The Penguin Post has learned that Happy Feet may be gone but not forgotten as workers at a New Zealand nature preserve where a confused emperor penguin washed ashore in June say they want to erect a sign at the now famous Peka Peka beach to honor the bird. Happy Feet was released back into the wild closer to its home in the Southern Ocean Sept. 4, and the Nga Manu Nature Reserve is petitioning for a monument, the Kapiti Observer in New Zealand reported Tuesday. Nga Manu Manager Bruce Benseman has applied to the Waikanae Community Board for $600 to erect a sign marking the spot where Happy Feet washed ashore in Peka Peka. He pointed out that an emperor penguin has visited New Zealand only one other time, 44 years ago. “It is therefore a rare and special occurrence and worth memorializing,” he said. The sign would give visitors to the beach information on whom to contact if they discover stranded wildlife.
The Penguin Post has learned that everyone’s favorite penguin of 2011 known to the world as “Happy Feet” is now classified as missing in action somewhere in the southern ocean on his way home from New Zealand, eluding his trackers just days after his release and leaving behind a penguin mystery that may never be solved. As Happy Feet’s satellite transmitter went silent Friday, five days after experts released the bird from a research ship into the Southern Ocean about a quarter of the way down to Antarctica. Initial dispatches from the device showed that Happy Feet swam in a meandering route, ending up about 75 miles (120 kilometers) southeast of where he began by the time the last transmission came across Friday morning. Experts say his looping pattern was typical for a healthy penguin chasing fish. At this point, the transmitter may have simply fallen off. . It was attached to the bird’s feathers with super glue and was supposed to fall off anyway early next year when he molted. “Who knows? He’s probably swimming along quite happily without a transmitter on his back,” said Peter Simpson, a program manager at New Zealand’s department of conservation. But there’s a tiny chance they could get more clues one day because of another, small device implanted under the bird’s skin. This transponder chip could send a signal if it comes close enough to an Antarctic monitoring site, but that might take years. Kevin Lay, a consultant at the company Sirtrack, which attached the tracking device, said staff have gone over diagnostics from the tracker and it appears it was functioning well until the last transmission. Lay said the tracker needs to be above the water’s surface to transmit. Because penguins surface regularly to breathe, that hadn’t proved a problem until Friday. “We think the most likely scenario is tag detachment,” Lay said. “The intention was always that the transmitter would fall off.” Simpson said he was still confident that releasing Happy Feet was the right thing to do. “He’s a marine bird and he’s designed to swim and he’s designed to live in the ocean,” Simpson said. Scientists say there’s an outside possibility they may again hear from Happy Feet because of the implanted transponder chip, similar to those used to identify household cats and dogs. The chip could be activated if the penguin turns up near certain monitored emperor colonies in Antarctica. Because Happy Feet is believed to be about 3 years old, it could be a year or two before he would arrive in an Antarctic colony to breed — if he is still alive. New Zealand penguin expert Colin Miskelly said it’s time to face facts. “It’s unlikely that we will ever know what caused the transmission to cease,” Miskelly wrote on his blog. “But it is time to harden up to the reality that the penguin has returned to the anonymity from which he emerged.”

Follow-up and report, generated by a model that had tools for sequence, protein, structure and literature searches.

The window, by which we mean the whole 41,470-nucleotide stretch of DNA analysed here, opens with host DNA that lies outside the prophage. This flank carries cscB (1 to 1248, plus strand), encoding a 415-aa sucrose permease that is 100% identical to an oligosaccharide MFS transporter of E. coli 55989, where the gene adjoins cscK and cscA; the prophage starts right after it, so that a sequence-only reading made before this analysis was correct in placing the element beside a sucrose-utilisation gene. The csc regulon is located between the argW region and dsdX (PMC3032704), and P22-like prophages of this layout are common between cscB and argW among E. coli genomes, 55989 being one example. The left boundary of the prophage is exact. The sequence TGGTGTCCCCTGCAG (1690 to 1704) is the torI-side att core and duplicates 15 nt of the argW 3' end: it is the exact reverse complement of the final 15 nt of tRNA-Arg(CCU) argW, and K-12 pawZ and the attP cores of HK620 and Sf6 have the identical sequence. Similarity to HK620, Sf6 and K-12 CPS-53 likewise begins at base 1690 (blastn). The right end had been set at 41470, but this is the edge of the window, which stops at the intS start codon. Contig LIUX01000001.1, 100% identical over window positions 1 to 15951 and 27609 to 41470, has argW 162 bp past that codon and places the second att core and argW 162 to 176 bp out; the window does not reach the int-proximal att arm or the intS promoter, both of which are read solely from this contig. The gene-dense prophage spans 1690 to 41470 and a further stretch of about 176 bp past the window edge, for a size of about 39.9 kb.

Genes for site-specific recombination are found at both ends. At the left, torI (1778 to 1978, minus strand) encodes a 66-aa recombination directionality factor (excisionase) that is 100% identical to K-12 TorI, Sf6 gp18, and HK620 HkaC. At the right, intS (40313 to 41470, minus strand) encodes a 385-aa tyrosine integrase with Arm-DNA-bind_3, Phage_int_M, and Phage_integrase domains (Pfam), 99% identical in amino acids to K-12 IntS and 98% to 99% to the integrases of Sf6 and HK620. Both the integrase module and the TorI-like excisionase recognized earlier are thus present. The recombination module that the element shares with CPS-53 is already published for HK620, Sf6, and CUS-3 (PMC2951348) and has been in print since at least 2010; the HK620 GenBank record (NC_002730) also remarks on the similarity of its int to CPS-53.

Watch this very cool footage of Happy Feet the wayward emperor penguin who found worldwide fame after he washed up on a New Zealand beach, being released with a gentle nudge back into the Southern Ocean from the Tangaora on Sunday to begin a long swim home to Antarctica.